PHILLY BOXING HISTORY - April 18, 2018  
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Story by John DiSanto


As we count down to Bryant Jennings vs. Joey Dawejko on April 28th, the best Philly vs. Philly fight in years, we continue to look at the very best PVP fight of all time…

August 19, 1946 – Shibe Park
November 26, 1946 - Convention Hall

During the 1940s, Philadelphians Bob Montgomery and Wesley Mouzon had a back-to-back, two-bout, classic series of lightweight fights that illustrate the quality of boxing rivalries of the era. The 1940s were a particularly sensational era of boxing, and the fighters were not timid about facing each other. Montgomery-Mouzon was a typical – and yet extraordinary – example of boxing in the 40s.  

Bob Montgomery was two years into his second reign as NYSAC world lightweight champion when he first faced Wesley Mouzon, a nineteen year old teenage sensation who had already defeated Eddie Giosa, Santa Bucca, Dorsey Lay, Leo Rodak, Nick Moran, and surprised the boxing world by fighting to a draw with the great Ike Williams – as an eighteen year old! 

Montgomery took both of his titles in bouts with Beau Jack at Madison Square Garden, and although he was the current champ, his first fight with Mouzon was a 10-round non-title bout. These days, having to accept a fight against the champion, without the title at stake, would make most modern fighters turn their noses up at the offer.  But in 1946, the nineteen year old Mouzon grabbed the chance to prove himself against the man many believed was the best lightweight in the world. 

Despite Mouzon’s solid resume, few thought he had a chance against the Bobcat, and Montgomery was installed as a 12-5 betting favorite for the fight. Most fans were waiting for Montgomery to fight a rematch with Ike Williams, who had significantly rebounded from a KO defeat at the hands of Montgomery two years prior. However, the evening of August 19th belonged to Wesley Mouzon.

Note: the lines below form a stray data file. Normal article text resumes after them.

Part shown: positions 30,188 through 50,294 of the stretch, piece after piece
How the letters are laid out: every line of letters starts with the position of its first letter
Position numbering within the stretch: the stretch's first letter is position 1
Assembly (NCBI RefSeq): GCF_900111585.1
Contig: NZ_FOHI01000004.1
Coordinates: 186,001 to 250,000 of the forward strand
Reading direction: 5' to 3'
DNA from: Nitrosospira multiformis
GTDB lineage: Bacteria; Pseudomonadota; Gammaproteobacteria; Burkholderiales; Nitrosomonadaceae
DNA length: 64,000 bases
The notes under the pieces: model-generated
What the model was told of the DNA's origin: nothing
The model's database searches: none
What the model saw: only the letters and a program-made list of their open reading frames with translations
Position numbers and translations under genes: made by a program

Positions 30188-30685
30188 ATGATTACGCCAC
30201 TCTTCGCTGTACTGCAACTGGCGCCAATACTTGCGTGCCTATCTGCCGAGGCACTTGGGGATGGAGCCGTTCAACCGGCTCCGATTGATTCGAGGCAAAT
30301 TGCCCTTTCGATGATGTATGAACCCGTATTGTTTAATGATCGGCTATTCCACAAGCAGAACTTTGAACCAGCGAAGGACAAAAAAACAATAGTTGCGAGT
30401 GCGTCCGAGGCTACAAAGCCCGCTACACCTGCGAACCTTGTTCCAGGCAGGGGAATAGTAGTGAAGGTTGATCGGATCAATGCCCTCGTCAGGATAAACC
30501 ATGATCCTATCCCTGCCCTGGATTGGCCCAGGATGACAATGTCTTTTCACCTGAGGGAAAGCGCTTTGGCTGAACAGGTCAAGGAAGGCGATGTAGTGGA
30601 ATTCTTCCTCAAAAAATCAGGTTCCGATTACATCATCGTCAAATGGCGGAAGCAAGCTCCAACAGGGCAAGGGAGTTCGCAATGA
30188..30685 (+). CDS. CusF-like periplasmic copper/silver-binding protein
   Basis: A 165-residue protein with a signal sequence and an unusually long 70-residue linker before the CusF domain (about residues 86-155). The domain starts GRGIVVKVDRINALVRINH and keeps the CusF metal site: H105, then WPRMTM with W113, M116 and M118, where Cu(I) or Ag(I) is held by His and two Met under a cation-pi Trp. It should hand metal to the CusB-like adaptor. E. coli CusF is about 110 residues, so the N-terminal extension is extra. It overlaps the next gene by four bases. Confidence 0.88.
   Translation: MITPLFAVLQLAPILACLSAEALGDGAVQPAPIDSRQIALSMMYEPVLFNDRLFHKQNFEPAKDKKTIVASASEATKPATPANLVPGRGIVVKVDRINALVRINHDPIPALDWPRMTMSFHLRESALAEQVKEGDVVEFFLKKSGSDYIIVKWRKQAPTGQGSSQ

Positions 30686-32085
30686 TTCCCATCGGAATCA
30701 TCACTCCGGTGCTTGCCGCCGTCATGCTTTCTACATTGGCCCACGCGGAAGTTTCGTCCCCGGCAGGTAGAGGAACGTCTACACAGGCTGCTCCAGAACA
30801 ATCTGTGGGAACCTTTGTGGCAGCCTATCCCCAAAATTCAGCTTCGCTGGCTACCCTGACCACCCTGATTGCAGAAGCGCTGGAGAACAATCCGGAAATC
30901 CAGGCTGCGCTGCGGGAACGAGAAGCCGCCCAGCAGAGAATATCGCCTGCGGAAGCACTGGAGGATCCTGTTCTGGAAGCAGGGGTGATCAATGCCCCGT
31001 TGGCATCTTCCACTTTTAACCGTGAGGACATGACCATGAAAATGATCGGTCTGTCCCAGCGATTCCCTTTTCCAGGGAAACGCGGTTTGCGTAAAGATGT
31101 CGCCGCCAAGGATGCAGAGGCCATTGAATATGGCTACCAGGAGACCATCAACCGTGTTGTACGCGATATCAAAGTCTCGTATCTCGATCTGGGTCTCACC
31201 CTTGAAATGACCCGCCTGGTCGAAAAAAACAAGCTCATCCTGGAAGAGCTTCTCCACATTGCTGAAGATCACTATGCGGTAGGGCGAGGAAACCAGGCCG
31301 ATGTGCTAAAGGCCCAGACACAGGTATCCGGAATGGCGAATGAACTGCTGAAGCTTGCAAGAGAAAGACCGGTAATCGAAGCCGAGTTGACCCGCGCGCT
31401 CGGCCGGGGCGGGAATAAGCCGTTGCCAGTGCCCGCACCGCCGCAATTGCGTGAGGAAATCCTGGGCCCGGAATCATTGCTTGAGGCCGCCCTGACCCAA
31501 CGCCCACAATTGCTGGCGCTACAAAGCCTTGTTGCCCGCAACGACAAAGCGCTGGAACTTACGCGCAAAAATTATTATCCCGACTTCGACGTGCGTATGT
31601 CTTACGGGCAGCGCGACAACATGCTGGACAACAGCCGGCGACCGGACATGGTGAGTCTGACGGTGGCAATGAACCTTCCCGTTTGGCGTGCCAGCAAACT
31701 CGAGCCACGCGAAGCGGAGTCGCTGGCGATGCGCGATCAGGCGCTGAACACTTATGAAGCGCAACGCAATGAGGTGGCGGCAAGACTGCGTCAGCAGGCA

Before an outdoor crowd of 15,000 at Shibe Park, Mouzon shocked everyone by knocking out Montgomery in round two. Matt Ring of The Bulletin described the knockout like this: 

“The blow was an overhand right that caught the champion flush on the jaw. It stopped him dead in his tracks. His knees quivered and his chin sagged as he stood in a trance from which he was not to recover until ten minutes after being led to his dressing room.” 

Mouzon stepped to the injured Montgomery and fired away with a volley of punches that concluded with a left hook. That final punch sent the champion to the canvas for the full ten count. It was as if lightning had struck in the lightweight division.

Although Mouzon’s knockout made him the new star among 135-pounders and made a case that he was the best of them all, Wesley did not win the title. However, this big upset was the greatest victory of his career – and it spawned an immediate rematch with Montgomery’s belt on the line.    

Three months later – THREE MONTHS later – the pair met again at Convention Hall for the lightweight crown, with more than 12,000 fans watching. This time, Mouzon was the favorite, with many thinking Montgomery would fall to the youngster again. However, Montgomery proved his greatness by coming away the winner after an eighth round knockout. 

Mouzon out-boxed Mont-gomery in the early rounds, but the champion managed to land a few solid shots that foreshadowed the ultimate end. Still, Mouzon stayed in the fight and continued to build a lead. However, in round five, Montgomery drove a devastating body shot to Wesley’s stomach that changed the momentum of the battle.

Mouzon seemed to wither from the punch and immediately began to fade. Montgomery kept driving forward with his mauling style, landing more and more as the fight progressed. Mouzon occasionally tried to find another punch like the one that earned his victory in their last meeting, but it never came.

Finally in round eight, Montgomery cracked Mouzon with a right uppercut – left hook combination that flattened the youngster. Mouzon fell to the floor, draping over the bottom rope, where he took the full ten count from legendary referee Charley Daggert.

After the fight, Mouzon said that he wanted a rubber match with Montgomery. However, he would never fight again due to a detached retina.

After defending his title, Montgomery praised Mouzon. “He’s a mighty good boy,” Montgomery said. “He sure dazed me with that bolo punch in the fourth.” 

Montgomery fought many all-time greats during his Hall of Fame career, but many believed his sensational performance against Mouzon was the very best of his career.   

Next up - Joey Giardello vs. Gil Turner...




John DiSanto - Philadelphia - April 18, 2018